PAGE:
New Hepatitis C Drugs Completely Cure Virus In 12 Weeks, But Cost More Than $70,000 [VIDEO]
The United States is seeing a brighter future for people with hepatitis C. Newer treatments for the disease have generated positive results that it made doctors hopeful from the complete removal of the virus from the bloodstream.
The new prescription drugs can eliminate 95 percent of the virus from the infected person's bloodstream, which means that the virus isn't detectable anymore. The medications' biggest advantages include a safe procedure and low side effects.
The medications also work fast, with numerous patients treated in only 12 weeks. The drugs, however, can be really expensive, CBS News reported.
In June 2016, federal health officials in the country approved a pill called Epclusa as treatment for all major types of hepatitis C. Gilead Sciences, the pill's manufacturer, sells the medication for approximately $890 per piece or $74,760 for 12 weeks.
The U.S. Preventive Services Task Force (USPSTF) is urging people most likely to acquire the virus to undergo testing. Baby boomers or Generation X (born between 1945 and early-to-mid 1960s) are more likely to get infected with the virus than other age demographics, the CDC advised.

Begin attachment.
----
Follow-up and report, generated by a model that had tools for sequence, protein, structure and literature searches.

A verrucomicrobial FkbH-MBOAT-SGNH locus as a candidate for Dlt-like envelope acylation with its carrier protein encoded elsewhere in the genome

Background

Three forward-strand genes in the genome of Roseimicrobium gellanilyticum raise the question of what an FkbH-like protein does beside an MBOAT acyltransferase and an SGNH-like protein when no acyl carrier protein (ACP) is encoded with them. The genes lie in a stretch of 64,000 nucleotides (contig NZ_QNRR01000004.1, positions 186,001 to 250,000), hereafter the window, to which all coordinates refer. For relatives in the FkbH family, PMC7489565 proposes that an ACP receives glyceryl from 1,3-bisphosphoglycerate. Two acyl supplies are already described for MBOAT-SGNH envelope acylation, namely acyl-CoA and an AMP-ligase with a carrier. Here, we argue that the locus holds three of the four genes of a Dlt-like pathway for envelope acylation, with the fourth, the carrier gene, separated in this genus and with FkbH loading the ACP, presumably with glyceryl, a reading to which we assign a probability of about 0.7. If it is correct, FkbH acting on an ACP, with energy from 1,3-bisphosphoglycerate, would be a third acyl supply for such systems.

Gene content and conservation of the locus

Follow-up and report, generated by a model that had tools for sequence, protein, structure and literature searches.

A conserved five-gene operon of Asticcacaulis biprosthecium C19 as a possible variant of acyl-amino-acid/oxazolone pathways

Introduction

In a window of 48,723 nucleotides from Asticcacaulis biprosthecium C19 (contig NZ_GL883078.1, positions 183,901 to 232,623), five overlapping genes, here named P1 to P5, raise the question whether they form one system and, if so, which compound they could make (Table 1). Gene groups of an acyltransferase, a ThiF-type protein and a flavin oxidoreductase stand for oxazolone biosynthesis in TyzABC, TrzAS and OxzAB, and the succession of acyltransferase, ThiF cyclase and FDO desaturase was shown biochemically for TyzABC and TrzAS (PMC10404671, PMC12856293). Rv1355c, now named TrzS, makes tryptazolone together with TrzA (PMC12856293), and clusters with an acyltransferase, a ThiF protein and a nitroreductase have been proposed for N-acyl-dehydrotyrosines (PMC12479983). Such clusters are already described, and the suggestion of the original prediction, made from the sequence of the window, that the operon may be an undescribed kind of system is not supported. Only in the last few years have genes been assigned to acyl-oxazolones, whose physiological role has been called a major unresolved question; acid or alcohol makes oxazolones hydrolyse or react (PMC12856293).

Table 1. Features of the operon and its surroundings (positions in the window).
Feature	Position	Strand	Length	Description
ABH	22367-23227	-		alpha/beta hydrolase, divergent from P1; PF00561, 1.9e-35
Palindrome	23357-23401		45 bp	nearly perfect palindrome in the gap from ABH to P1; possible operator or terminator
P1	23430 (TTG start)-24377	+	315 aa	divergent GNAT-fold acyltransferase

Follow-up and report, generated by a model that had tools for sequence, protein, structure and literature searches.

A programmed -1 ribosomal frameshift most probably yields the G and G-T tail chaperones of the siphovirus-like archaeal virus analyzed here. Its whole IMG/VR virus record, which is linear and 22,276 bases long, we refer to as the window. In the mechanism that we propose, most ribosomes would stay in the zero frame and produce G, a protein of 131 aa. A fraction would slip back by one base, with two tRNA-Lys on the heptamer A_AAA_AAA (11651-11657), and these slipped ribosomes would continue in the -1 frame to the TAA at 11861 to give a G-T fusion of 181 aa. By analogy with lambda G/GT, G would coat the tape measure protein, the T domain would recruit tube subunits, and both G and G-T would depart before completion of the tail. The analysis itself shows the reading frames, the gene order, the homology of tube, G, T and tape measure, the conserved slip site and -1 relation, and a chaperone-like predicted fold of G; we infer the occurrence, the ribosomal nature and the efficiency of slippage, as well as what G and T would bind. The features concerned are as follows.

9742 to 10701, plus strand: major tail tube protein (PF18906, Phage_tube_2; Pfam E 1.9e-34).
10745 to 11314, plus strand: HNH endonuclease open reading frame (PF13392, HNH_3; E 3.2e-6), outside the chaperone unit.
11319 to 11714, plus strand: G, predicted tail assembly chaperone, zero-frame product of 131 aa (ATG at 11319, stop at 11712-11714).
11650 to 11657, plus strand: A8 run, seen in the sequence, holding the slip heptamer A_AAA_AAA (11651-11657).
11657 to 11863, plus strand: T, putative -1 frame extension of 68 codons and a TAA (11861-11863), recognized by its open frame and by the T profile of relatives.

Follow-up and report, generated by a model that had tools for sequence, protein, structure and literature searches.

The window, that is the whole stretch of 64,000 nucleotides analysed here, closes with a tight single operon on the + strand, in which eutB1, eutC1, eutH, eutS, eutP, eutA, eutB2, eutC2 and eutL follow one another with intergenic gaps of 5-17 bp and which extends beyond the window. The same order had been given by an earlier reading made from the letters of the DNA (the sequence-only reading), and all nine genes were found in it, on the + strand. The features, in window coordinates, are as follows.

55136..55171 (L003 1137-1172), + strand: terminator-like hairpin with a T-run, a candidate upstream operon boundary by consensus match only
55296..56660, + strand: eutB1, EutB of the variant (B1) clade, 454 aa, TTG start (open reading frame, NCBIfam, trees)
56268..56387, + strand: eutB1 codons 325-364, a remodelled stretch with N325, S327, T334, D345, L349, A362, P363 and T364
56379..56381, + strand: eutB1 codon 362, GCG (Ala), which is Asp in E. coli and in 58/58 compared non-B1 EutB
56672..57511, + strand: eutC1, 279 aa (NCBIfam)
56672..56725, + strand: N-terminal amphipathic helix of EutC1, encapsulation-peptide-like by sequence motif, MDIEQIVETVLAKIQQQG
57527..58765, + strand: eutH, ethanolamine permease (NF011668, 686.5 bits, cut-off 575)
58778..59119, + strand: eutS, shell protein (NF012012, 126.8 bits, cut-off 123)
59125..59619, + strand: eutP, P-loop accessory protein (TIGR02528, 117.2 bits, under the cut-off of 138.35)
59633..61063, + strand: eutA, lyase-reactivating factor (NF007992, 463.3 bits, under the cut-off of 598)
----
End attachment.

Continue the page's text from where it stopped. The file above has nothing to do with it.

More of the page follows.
The reason why Hepatitis C is more prevalent among baby boomers is because the condition is at its highest peak from the 1960s until the 1980s. Baby boomers probably got infected from medical equipment or procedures that were carried out before safer protocols and tougher infection controls were initiated. By 1992, the government implemented extensive screening for contaminated blood and blood products.
It attacks the liver, with its chronic or most severe form possibly leading to more dangerous conditions such as cirrhosis (liver scarring) and liver cancer. Around 2.7 to 3.9 million people in the U.S. got infected by the virus, with 75 to 85 percent of them developing chronic infection, according to CDC.
The condition is contagious, meaning it can spread from one person to another via sexual contact and infected needles, syringes and other apparatus used to inject drugs. Personal care items like razors and toothbrushes can also spread the virus if it comes into contact with the blood.
Pregnant mothers who have the virus can transfer it to their unborn child, too. Acute hepatitis C, the mild version of the illness, usually doesn't exhibit symptoms and people may be unaware that they have it. But when symptoms do show up they may include fever, fatigue, joint pain, jaundice, vomiting, nausea, abdominal pain, dark urine, appetite loss and clay-colored stool.